Alvvays Discuss the Long Road to Their Debut LP

Alvvays Discuss the Long Road to Their Debut LP
As members of Two Hours Traffic and the Rankin Family, Alec O'Hanley and Molly Rankin are basically Maritime music royalty. However, having such a strong musical heritage can have its downsides.

"The name was just subject to people jamming family history down your throat at any opportunity," Rankin says about her previous solo project before it morphed into their current group, the Toronto-based pop outfit Alvvays. "This is a great way for people to listen before judgment."

Thankfully, Alvvays' newly released self-titled debut does all the talking. Clocking in at a little over 30 minutes and filled with the kind of C86 jangle that makes the British music press swoon, the band's first-ever album has so far silenced critics with its summertime sonics and candid lyrics.

Speaking in a local Toronto watering hole hours after their recent Studio Q performance, O'Hanley and Rankin are frank when discussing the shift from Rankin's solo project to a full-fledged band.

The pair originally met and began writing together while Rankin was based in Halifax. The songwriting partnership resulted in a lesser known yet locally loved EP, but found the singer looking to change her trajectory sometime after its release.

Inspired in part by British dream pop and acts like the Smiths and the Magnetic Fields, the pair began pushing their sound to more sunny and sonically disparate locales. Rounded out by Brian Murphy on bass, Phil MacIsaac on drums and Kerri Maclellan on keyboards, its Maritime members relocated to Toronto to begin performing as the group. But it wasn't until a trip to Calgary that the band really got going.

After sending an email request to Chad VanGaalen on a whim, Alvvays travelled to his Yoko Eno studios in 2012 to begin work on their debut LP.

Taking place over two weeks, the band laid down the pieces that would become their self-titled debut on an old Tascam 388 8-track (an item O'Hanley jokes was: "probably state-of-the-art in 1983, or something"), helping to create the crunchy and crystalline atmospherics that the band have become known for. But even though the album was recorded over a year and a half ago, it would take an equally ancient piece of technology to help get the band some attention in modern times.

"We had to have a product in order to play SappyFest in Sackville [last summer]," O'Hanley says, describing how a few dubbed copies of their album on cassette helped spread via word of mouth. "It never got released. We were sort of selling it out of the trunk of our van, basically."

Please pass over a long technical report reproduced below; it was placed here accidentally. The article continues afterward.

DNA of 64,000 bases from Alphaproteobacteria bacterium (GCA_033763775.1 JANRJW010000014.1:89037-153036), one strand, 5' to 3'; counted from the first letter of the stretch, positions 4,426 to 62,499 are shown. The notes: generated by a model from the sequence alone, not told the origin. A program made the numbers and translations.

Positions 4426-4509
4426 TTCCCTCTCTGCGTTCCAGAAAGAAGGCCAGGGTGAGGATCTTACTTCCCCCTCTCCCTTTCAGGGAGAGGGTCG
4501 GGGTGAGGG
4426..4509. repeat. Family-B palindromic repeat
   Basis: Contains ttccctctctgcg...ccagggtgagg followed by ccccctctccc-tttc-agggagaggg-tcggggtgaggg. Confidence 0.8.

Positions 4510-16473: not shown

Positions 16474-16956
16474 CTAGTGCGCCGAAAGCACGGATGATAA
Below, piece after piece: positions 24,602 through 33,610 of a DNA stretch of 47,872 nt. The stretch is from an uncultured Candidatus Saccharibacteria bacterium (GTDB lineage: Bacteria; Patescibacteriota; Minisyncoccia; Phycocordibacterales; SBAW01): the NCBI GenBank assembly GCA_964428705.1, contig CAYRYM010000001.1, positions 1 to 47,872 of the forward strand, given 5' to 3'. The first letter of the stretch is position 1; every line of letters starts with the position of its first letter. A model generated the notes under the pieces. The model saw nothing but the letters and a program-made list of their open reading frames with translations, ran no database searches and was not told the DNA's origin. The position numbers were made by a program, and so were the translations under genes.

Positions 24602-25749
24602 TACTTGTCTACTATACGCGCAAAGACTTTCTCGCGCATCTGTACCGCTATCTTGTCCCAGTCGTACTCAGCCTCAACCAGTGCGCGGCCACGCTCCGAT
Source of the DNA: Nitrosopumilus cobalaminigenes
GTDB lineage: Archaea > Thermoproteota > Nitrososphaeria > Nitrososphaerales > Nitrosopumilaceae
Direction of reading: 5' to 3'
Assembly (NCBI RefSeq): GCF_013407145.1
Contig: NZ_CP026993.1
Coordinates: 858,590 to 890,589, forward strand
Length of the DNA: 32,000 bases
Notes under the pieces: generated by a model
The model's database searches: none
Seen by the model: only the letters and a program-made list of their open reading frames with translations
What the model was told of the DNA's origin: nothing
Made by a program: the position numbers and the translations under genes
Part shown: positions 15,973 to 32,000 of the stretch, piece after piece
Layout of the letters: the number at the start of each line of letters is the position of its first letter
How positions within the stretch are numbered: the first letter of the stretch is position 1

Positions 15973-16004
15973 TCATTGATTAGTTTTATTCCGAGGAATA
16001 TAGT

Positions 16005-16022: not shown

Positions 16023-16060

Rankin adds, "It was the best way to do it too without it going online. We could give people the music and they could find a way to listen to it, but it wouldn't be online and it wouldn't be spoiled."

With a laugh, O'Hanley says, "If you cared enough about seeing our live shows and you wanted the record enough to the point you'd invested in this archaic piece of technology that could play this bullshit artefact we manufactured, then okay, you deserved to listen to it."

The gamble paid off: Since that time, the group have signed distribution deals in Canada and the U.S., as well as with Transgressive Records in the UK and P-Vine in Japan. Along with a string of Canadian festival appearances, the group are also preparing for a tour through the UK alongside Real Estate this fall.

But even though the band are riding high on the hype of their debut LP, don't let that undercut the struggle it took for them to get here.

"We took a lot of heat from everybody," Rankin says. "From industry people, to our parents, to other people in the band being like, 'What the fuck is going on with this record?'"

O'Hanley adds, "I wish you could see some of the scraps we've gotten in over the last two years. How bleak a lot of it's been. I know bands say this all the time, that it seems like it was just an overnight thing, but we fought for this.

"Patience is super valuable. If you can just wait a little long and you're convinced your product is magic, which we thought it might be, then odds are you'll do something greater if you can stomach all the criticism that snowballs around you."

Alvvays' debut LP is out now through Royal Mountain Records in Canada and Polyvinyl Records in the U.S. Check out all the group's upcoming tour dates here.

Read our recent cover story on Alvvays here.